“I saw a Facebook memory from 2008 pop up the other day,” Jones told me. “That year, we had 500 kids. Now it’s easily double that, so it’s been slowly building over the decades. A few years ago it exploded. The media took notice, there’s positive word of mouth, a lot of younger families have moved to the area, and now the event just fuels itself.”

Jones also pointed out that Trinity Street is relatively flat and walkable for young children, with approachable, easy-to-access houses on either side.

As one of those residents, our family gets into the supernatural swing of things, decorating our front yard and making sure we have enough candy to cover more than 1,000 kids (mostly thanks to my mom and her Costco membership). And while it can be overwhelming to serve that many children in the space of about four hours, seeing the creativity of kids’ costumes en masse is amazing.

I’ve realized that Halloween night is also an opportunity to grasp the zeitgeist of whatever the hell kids are into these days. The most popular getups this year involved the video game Fortnite, Disney’s multi-pronged franchise Descendants and, for whatever reason, Super Mario Brothers. Other perennial mainstays were Batman, Captain America, Rapunzel, Elsa and ninjas. Down this year were zombies, Star Wars and Paw Patrol.

"The most creative costumes are always the homemade ones, and this year the best was a 20-foot tree,
"The most creative costumes are always the homemade ones, and this year the best was a 20-foot tree, a B.C. Ferry and a fully operational vending machine." Photo Grant Lawrence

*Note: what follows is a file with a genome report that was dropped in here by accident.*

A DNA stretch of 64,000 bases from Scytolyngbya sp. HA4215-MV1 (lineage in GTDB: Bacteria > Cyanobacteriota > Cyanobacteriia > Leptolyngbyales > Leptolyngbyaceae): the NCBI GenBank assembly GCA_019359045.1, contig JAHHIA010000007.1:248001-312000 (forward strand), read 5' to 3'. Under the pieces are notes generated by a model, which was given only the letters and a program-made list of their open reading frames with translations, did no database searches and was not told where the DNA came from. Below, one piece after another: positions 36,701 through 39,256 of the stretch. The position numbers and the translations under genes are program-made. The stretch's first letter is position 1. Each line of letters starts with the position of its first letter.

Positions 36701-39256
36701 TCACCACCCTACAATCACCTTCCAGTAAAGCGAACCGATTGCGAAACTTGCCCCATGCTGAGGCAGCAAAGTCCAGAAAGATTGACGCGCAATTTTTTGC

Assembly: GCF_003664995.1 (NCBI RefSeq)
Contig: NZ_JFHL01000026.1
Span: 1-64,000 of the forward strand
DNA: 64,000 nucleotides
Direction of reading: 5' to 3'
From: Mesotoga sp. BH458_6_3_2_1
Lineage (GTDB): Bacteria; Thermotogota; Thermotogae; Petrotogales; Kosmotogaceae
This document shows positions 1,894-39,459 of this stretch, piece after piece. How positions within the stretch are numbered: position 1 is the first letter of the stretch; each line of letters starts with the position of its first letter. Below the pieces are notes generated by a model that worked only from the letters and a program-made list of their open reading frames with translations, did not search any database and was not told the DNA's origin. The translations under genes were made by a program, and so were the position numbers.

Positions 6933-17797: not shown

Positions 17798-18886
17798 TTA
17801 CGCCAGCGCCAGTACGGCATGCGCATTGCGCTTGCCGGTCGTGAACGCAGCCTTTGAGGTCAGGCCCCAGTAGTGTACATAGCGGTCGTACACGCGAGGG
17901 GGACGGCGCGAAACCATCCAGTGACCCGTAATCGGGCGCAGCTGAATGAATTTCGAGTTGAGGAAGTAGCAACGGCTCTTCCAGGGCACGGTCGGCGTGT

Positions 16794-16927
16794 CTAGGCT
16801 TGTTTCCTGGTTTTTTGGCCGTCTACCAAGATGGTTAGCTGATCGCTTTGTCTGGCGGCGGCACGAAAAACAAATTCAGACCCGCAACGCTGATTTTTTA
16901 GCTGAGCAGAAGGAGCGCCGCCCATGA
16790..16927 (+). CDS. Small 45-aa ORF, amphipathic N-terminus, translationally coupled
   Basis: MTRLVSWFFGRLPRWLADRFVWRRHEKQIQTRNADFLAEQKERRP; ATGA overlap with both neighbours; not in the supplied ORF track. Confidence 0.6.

The most creative costumes are always the homemade ones, and this year the best was a 20-foot tree, a B.C. Ferry and a fully operational vending machine. The cheekiest response of the night came from a young teenager who was seemingly without costume. I asked her what she was dressed as. Mini Snickers bar already safely in hand, she replied, “I’m an off-brand Ariana Grande.”

Trick or treating at the height of the monster mash was thrilling for our six-year-old son who slithered through the crowds in his snake costume, but proved a little much for our three-year-old daughter in her Princess Jasmine costume. After being jostled a few times, she demanded to be returned to her castle at once.

Dennis Campardo and his family have lived on the street since the late 1990s. “It’s intense, but it’s a lot of fun,” he told me. “I think we’re lucky to have this strong tradition, because it’s something that’s missing from a lot of neighbourhoods.”

Twenty years ago, the Campardos bought a novelty Halloween door matt that screams when you step on it. “It’s just a simple little censor and two batteries, but it still works,” Campardo mused. “My wife and I figure that 20,000 kids have stepped on that matt over the years, which is pretty amazing when you think about it.”

Here’s hoping that Halloween will take on a live of its own in your neighbourhood, too. BOO!

Until next year, trick or treaters. Photo Grant Lawrence
Until next year, trick or treaters. Photo Grant Lawrence